Vascular Plants of North Carolina
Account for Narrowleaf Whitetop Aster - Sericocarpus linifolius   (L.) Britton, Sterns, & Poggenburg
Members of Asteraceae:
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Section 6 » Order Asterales » Family Asteraceae
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Author(L.) Britton, Sterns, & Poggenburg
DistributionEssentially throughout the state, but scarce in the mountains and apparently absent from the northeastern corner.

MA to southern IN, south to central GA and southeastern LA.
AbundanceCommon over the Piedmont and most of the Coastal Plain; infrequent to fairly common in the southern mountains, but essentially absent in the northern half. Rare to absent in the northeastern Coastal Plain.
HabitatDry to mesic soils of a wide variety of woodlands, such as pine-oak-hickory, oak-hickory-dogwood, Longleaf Pine-oak-Wiregrass (mostly in loamy sand), forest openings, rocky or gravelly slopes, rock outcrops. Usually in partial shade; habitats are nearly the same as for the similar S. asteroides.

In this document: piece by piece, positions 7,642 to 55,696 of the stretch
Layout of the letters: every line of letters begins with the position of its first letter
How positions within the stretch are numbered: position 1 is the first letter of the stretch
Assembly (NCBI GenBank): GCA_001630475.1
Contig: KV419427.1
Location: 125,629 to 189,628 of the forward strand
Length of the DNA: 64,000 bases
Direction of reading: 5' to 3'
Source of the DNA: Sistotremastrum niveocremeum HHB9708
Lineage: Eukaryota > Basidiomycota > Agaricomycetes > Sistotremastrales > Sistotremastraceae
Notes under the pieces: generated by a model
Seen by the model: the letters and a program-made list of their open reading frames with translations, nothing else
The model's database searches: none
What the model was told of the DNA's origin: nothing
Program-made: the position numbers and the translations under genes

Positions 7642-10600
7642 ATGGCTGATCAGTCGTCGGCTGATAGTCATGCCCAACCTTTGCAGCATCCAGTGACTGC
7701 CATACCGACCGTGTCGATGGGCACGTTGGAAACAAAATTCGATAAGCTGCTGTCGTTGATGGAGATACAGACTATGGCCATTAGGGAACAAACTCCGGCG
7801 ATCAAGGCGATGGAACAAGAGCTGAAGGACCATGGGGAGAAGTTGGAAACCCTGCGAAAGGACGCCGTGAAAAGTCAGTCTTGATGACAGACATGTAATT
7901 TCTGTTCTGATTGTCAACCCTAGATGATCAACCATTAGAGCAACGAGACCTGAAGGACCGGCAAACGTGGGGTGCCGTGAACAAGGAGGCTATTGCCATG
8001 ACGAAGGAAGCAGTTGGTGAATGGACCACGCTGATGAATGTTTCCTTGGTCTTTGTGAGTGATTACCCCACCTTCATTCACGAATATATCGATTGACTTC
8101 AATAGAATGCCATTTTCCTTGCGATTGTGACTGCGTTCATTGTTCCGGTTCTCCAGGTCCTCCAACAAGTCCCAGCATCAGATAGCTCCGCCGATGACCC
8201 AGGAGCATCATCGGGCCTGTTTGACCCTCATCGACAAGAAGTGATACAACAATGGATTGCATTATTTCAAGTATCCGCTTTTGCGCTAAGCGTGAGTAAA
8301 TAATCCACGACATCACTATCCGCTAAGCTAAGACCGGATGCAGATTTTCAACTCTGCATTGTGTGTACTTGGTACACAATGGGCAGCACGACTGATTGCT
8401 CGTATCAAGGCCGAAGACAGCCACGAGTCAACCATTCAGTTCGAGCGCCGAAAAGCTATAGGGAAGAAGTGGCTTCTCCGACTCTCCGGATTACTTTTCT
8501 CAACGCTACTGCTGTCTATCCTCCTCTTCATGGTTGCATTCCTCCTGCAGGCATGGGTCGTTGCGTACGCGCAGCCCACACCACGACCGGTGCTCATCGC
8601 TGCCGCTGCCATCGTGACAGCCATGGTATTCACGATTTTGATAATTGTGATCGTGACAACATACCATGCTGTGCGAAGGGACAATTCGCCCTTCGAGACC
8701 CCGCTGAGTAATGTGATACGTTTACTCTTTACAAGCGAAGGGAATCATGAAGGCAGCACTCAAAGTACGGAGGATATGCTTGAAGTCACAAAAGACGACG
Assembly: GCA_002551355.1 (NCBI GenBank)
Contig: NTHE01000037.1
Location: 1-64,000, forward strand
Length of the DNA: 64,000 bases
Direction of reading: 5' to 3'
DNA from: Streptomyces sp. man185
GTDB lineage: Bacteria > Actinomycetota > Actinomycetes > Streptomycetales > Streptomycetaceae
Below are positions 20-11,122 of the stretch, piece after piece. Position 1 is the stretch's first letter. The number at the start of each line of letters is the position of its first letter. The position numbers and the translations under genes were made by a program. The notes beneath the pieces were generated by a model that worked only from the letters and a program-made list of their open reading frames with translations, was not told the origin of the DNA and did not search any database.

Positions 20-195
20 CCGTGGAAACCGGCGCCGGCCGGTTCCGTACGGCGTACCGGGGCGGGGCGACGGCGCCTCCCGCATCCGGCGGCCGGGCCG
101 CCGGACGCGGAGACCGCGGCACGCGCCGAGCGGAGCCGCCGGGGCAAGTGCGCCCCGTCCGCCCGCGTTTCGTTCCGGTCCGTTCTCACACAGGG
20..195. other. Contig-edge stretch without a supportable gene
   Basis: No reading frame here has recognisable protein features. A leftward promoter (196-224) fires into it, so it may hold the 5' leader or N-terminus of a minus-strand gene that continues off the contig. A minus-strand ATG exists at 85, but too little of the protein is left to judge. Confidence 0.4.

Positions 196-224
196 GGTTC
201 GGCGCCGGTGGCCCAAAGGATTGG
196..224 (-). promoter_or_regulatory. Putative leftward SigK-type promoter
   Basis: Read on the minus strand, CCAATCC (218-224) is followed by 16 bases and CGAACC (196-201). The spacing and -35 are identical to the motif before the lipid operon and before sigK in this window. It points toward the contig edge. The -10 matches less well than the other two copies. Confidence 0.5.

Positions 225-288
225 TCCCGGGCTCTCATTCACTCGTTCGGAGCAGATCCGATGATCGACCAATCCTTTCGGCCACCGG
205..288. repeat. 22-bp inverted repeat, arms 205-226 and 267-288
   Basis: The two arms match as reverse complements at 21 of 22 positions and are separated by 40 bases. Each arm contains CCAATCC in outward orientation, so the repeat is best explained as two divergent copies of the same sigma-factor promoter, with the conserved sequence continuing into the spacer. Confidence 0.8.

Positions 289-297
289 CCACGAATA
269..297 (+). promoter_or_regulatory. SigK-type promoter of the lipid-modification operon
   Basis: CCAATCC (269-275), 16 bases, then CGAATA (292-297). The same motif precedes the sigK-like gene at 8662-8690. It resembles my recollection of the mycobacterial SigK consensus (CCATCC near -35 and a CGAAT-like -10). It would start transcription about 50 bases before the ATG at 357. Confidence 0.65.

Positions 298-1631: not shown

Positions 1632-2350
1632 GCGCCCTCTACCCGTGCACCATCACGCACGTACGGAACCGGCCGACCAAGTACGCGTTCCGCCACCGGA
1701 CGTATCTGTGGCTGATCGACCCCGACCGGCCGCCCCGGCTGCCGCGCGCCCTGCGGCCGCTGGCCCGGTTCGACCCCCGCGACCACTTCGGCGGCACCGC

PhenologyFlowering and fruiting June-July.
IdentificationOur three species of "whitetop aster" used to be included in the genus Aster. In the field they have a distinct gestalt, due to far fewer ray florets per head (maximum of 6), and these are always white. Narrowleaf Whitetop Aster typically grows 1-2 feet tall, with linear leaves that are characteristically thick, shiny, and dark green above; basal leaves have withered by flowering time. The ray florets are narrower and much longer than in our other 2 species. All 3 species in the genus are common within much of their ranges, and people should easily become familiar with each one.
Taxonomic CommentsFormerly treated as Aster solidagineus.

Other Common Name(s)Flaxleaf Whitetop Aster
State RankS5
Global RankG5
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